When I was a kid, my hero was Jimmy Greaves. He was a striker for the Tottenham Hotspurs soccer team in London, and you can still see in grainy black and white film clips what a dynamite dribbler he was. The 1966 World Cup should have been his triumph, but he was replaced by Geoff Hurst, who went on the score three times in the final.
In the years after, his fans, me among them, mounted a campaign to get him recalled to the England team. We'd stand in the stadium at White Hart Lane every home game chanting incessantly, frantically, fervently, "Jimmy for England," every time he scored a goal. I was totally emotionally invested in the cause. I felt personally aggrieved by the injustice. But he never did win his place back.
Greaves wasn't my only sporting hero. I loved the dashing Romanian tennis star Ilie Nastase who had several fantastic Wimbledon runs but never won the title. And there were others too. I would fantasize about being them -- about being able to do the things they did, about exulting in the cheers of the crowd. I suspect this is very common among adolescent and post-adolescent males.
Jimmy's 70 now with 10 grandchildren and one great grandchild. And I caught sight of Nastase recently on TV. He's kept his long hair, now gray and straggly, and has become quite stout.
At some point -- it's hard to pin down a specific moment -- I stopped having sports heroes. Today, watching the players in the World Cup, I admire their grace, their skills, their efforts, their deeds -- but in a dispassionate way. Actually, I feel a little sorry for them. Their time on the stage is so brief and what awaits many after they retire from the game is a lifetime of sore limbs, broken down bodies and dreams of yesteryear -- decades of anti-climax.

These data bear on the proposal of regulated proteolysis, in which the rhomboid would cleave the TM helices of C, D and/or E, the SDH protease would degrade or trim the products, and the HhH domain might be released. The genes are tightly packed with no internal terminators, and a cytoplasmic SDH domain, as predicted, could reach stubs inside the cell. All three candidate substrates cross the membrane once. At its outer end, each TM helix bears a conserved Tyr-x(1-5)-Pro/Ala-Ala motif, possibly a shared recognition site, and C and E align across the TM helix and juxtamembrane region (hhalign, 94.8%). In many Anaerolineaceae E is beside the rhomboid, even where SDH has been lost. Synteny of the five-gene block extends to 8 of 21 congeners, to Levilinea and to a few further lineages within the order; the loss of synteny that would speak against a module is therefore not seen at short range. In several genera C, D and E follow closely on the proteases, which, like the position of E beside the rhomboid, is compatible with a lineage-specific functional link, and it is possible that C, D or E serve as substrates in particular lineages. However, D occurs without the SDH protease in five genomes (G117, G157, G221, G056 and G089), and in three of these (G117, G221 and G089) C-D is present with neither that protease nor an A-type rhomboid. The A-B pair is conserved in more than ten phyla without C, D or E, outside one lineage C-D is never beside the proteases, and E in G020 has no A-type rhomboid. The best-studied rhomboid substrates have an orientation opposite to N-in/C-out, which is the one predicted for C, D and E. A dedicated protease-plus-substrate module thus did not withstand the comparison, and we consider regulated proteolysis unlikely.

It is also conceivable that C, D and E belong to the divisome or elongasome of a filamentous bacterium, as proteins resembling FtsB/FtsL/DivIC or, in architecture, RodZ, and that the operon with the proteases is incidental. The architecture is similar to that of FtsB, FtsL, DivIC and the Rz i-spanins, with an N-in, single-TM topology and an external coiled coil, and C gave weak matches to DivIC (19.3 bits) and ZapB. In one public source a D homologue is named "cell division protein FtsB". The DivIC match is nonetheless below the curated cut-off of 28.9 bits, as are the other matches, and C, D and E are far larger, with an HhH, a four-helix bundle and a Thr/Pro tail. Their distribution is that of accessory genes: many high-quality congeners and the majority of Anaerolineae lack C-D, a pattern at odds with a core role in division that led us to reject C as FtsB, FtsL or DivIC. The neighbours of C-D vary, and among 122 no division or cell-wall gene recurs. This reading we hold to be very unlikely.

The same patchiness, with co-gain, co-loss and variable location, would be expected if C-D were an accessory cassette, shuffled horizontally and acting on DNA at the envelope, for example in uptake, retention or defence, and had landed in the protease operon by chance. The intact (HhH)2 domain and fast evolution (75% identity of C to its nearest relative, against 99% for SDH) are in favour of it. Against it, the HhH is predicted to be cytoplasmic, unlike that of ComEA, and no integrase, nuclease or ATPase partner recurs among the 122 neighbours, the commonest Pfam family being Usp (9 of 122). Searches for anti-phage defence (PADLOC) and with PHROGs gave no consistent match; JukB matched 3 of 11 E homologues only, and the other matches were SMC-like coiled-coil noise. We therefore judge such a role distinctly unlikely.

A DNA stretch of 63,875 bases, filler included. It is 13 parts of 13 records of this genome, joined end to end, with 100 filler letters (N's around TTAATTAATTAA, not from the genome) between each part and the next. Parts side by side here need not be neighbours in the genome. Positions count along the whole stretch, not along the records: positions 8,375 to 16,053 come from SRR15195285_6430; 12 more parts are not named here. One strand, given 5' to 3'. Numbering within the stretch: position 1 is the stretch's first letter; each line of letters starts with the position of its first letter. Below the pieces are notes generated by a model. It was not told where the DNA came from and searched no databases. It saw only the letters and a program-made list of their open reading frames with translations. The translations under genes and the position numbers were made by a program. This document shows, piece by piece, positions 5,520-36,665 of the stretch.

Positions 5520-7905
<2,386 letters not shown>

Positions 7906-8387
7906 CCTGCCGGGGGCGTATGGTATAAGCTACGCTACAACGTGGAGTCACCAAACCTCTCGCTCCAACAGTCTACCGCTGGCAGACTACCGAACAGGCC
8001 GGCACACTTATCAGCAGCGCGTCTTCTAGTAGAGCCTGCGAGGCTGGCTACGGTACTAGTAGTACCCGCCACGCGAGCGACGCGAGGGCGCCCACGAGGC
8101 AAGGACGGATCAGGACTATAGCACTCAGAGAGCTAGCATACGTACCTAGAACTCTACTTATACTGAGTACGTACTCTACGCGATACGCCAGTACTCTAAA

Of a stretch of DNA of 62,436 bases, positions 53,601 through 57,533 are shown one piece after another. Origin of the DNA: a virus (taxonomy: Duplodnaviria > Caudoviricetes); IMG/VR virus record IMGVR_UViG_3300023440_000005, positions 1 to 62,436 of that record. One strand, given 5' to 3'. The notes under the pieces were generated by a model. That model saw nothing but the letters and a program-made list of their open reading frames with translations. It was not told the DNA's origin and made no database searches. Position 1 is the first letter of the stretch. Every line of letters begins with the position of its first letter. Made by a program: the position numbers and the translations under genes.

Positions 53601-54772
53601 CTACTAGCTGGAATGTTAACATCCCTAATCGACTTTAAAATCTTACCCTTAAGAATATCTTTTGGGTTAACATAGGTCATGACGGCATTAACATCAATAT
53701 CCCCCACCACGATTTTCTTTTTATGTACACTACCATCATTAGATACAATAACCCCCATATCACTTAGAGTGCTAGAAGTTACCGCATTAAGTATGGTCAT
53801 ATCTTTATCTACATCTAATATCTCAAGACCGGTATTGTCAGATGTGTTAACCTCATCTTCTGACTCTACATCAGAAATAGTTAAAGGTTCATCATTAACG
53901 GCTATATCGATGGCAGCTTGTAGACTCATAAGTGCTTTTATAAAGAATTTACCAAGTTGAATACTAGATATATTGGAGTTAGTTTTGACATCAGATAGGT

I don't mean to disparage retired athletes, many of whom go on to live perfectly respectable, indeed useful lives. Some will forge new careers as coaches or TV pundits. Others perhaps will own restaurants or pubs, or run car dealerships or be in demand as after-dinner speakers. A few will drift into alcohol or drug addiction Some may take up golf and live off their millions. Some will reinvent themselves as spokespeople for worthy causes. Whichever path they take, it has to be emotionally tough going through life as a former sports hero. Growing old, watching one's physical gifts slowly erode and finally wither, is difficult enough for the rest of us. For elite athletes, who once bestrode the world stage and basked in the cheers of millions, it has to be even more challenging.
I look at Wayne Rooney, the England striker. He's 24 but he played like an old man in this World Cup, broken down by repeated injuries and a season that never ends. Or Fabio Cannavaro, Italy's captain four years ago when he was the rock at the center of their defense. This year, not even aged 33, he was clearly too slow, too ponderous, too old! Or take Michael Owen who sprang to fame in the 1998 World Cup aged 18. Now, not even 30, that lightning speed that quickened our hearts is long gone, worn away by injury after injury. In tennis, Roger Federer has been inspirational but it appears, a month shy of his 29th birthday, that his best days are behind him.
As Shakespeare writes:
Time doth transfix the flourish set on youth
And delves the parallels in beauty's brow,
Feeds on the rarities of nature's truth,
And nothing stands but for his scythe to mow.
I've lived long enough now to know that most sporting heroes are just people who happen to be good at sports. We should enjoy and admire their feats -- without idolizing them. They don't need our veneration. For all their money, the rest of their lives are going to be hard enough as it is.
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